Access to paid content on this site is currently suspended due to excessive activity being detected from your IP address Please contact the publisher to request reinstatement.
July 1995

California Pediatricians' Knowledge of and Response to Recommendations for Universal Infant Hepatitis B Immunization

Author Affiliations

From the Ahmanson Department of Pediatrics, Cedars-Sinai Medical Center, Los Angeles, Calif (Drs Wood and Rosenthal); RAND, Santa Monica, Calif (Dr Wood); and Amgen Corporation, Thousand Oaks, Calif (Ms Scarlata).

Arch Pediatr Adolesc Med. 1995;149(7):769-773. doi:10.1001/archpedi.1995.02170200059009

Objective:  To assess California pediatricians' level of agreement with and implementation of universal infant hepatitis B immunization.

Research Design:  Mailed questionnaire in the summer and fall of 1993 to a random sample of 1030 California pediatricians to determine whether they universally immunize infants with hepatitis B vaccine. The response rate was 71%.

Results:  More than 81% said they universally immunize infants against hepatitis B infection; however, 18.3% stated that they do not. Pediatricians were more likely to immunize infants universally against hepatitis B if they (1) agreed with the recommendations (90% vs 54%, P<.01), (2) practiced in a health maintenance organization setting vs private group practice (92% vs 79%, P<.05), or (3) practiced in settings with predominantly low-income patients (89% vs 78%, P=.01). Pediatricians who universally immunize infants against hepatitis B virus were in practice an average of 1.7 years longer than those who do not (13.3 years vs 11.6 years, P=.01). In multivariate analyses, the most powerful predictor of universal immunization was agreement with the recommendations. Among those who disagreed with the recommendations, the most common reasons for disagreement included the following: (1) the long-term efficacy of hepatitis B vaccine is not proved—54%; (2) an additional immunization would make the visits too costly—53%; and (3) three shots would be too much at one visit—53%.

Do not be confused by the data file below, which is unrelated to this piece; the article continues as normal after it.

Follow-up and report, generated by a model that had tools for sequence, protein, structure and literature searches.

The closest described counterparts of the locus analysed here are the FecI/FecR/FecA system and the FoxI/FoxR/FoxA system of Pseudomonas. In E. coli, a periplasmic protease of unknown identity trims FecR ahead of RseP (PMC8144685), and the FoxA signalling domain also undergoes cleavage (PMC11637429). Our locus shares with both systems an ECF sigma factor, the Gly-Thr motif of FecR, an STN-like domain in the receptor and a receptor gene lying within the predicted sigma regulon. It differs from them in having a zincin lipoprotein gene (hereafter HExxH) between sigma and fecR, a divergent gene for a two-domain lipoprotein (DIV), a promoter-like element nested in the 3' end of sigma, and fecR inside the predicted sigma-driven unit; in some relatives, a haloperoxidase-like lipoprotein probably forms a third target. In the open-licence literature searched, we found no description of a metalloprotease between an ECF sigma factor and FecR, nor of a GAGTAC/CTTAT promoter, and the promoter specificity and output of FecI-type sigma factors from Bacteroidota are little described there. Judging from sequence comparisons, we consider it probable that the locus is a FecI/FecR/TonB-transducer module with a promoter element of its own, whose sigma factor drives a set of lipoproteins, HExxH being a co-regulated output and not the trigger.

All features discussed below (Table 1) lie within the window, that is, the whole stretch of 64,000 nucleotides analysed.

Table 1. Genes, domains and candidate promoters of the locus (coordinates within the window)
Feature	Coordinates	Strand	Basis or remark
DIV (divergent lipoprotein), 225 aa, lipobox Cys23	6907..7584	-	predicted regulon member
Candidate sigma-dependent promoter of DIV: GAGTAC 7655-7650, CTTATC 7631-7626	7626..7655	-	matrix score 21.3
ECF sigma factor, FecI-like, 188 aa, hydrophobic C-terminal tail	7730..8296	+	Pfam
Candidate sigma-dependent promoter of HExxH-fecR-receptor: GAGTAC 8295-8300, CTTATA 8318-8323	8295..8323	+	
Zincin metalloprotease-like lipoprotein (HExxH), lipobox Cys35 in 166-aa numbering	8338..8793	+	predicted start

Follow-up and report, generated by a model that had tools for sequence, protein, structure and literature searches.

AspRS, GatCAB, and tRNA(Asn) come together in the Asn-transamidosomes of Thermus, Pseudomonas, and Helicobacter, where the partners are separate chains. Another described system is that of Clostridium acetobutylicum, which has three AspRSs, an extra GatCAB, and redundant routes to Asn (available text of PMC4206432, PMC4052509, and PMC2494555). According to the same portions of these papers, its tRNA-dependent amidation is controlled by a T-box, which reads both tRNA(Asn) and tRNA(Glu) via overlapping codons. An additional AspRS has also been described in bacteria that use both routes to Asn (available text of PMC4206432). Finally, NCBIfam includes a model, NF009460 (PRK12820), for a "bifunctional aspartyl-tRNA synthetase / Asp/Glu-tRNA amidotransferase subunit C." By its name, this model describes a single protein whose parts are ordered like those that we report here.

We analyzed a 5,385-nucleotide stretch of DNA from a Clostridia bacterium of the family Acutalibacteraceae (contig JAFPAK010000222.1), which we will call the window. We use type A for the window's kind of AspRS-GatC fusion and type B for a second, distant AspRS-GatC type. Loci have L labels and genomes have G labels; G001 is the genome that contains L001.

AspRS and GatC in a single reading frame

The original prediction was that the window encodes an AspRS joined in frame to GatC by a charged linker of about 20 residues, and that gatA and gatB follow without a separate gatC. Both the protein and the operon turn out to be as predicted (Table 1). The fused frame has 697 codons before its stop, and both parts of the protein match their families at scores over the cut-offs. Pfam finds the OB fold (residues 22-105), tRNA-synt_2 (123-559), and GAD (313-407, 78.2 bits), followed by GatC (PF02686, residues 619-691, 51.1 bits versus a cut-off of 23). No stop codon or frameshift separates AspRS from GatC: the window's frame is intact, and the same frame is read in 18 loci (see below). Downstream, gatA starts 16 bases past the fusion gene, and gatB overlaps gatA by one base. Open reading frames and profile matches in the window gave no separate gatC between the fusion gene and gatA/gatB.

Conclusions:  A majority (81.6%) of our sample of California pediatricians universally immunize infants against hepatitis B; however, a significant minority (18.4%) do not agree with the recommendations and do not plan to implement them. Many of their objections are being addressed through combination vaccine development and ongoing research; however, alternative policies and additional research should also be considered.(Arch Pediatr Adolesc Med. 1995;149:769-773)